III. Identification of Pit Bull Dogs

 Plaintiffs contend that there is no such thing as a pit bull dog. Rather, they contend that there are three breeds which the ordinance in question has mistakenly lumped together. Further, plaintiffs contend that the standards set forth by the kennel clubs and incorporated by the Dade County ordinance were never meant to be used for, identification, but only as a reference in judging dogs already identified by bloodlines as belonging to one of the kennel clubs' three breeds. Thus, the plaintiffs contend that the standards set forth in the ordinance are meaningless.

 Despite plaintiffs' contention that there is no such animal as a pit bull, plaintiffs' own experts have written articles about their pedigreed dogs referring to them by the common nickname of pit bull. At trial, these experts identified photographs of dogs as pit bulls, rather than delineating the dogs into any one of the three breeds recognized by the kennel clubs. Moreover, veterinarians commonly identify dogs as pit bulls -- rather than one of the three recognized breeds -- by their physical characteristics. Two veterinarians, testifying for the defendants, stated that they are often called upon to identify a dog's breed because it is an integral part of the animal's health record. This they do by reference to standard physical characteristics. Generally, these veterinarians testified, owners themselves know what breed their dog is.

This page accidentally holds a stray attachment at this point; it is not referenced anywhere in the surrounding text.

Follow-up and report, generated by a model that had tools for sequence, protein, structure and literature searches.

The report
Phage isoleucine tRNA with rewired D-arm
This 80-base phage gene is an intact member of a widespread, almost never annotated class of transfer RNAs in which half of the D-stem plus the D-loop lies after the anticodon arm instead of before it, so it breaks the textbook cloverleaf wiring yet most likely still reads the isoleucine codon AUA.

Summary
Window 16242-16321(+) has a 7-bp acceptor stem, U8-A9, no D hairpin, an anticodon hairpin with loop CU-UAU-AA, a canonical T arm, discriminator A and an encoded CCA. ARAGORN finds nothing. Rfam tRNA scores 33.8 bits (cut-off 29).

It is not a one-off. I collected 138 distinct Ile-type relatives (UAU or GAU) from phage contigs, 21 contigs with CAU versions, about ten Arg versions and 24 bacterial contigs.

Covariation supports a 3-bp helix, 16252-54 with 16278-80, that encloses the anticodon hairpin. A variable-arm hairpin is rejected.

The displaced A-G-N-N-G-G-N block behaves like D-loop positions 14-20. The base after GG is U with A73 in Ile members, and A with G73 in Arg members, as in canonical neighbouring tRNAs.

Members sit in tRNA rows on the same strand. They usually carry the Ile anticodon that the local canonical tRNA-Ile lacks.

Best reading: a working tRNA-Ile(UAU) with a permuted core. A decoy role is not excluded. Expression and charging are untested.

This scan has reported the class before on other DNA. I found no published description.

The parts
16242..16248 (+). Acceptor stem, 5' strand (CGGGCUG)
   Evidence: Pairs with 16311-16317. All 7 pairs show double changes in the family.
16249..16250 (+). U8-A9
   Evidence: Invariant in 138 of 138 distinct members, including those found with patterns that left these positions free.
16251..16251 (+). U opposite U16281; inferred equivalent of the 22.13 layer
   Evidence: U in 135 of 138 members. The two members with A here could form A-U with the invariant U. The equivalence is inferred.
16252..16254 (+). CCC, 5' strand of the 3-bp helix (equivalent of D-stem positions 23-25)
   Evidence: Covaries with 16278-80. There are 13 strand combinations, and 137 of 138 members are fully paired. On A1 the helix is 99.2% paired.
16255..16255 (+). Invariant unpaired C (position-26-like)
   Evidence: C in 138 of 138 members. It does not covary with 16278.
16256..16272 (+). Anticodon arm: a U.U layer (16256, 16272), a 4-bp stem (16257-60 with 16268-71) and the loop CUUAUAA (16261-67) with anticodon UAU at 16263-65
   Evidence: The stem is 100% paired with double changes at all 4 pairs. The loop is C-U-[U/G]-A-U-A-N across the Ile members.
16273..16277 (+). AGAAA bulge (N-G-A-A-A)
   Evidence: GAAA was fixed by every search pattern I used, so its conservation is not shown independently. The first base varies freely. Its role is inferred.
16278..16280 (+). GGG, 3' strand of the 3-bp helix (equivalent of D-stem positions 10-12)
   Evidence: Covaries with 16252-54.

The trial testimony shows that most dog owners know or have a preconceived idea of, the breed of the dog they possess. (T.R. at 394). The term pit bull, alone, is a descriptive term that conjures up a picture of a particular breed of dog (T.R. at 105), and is a critical component of the definition of this dog in the Ordinance. (T.R. at 110). Breed identification based on appearance is, of course, necessarily a valid judgment. (T.R. at 93).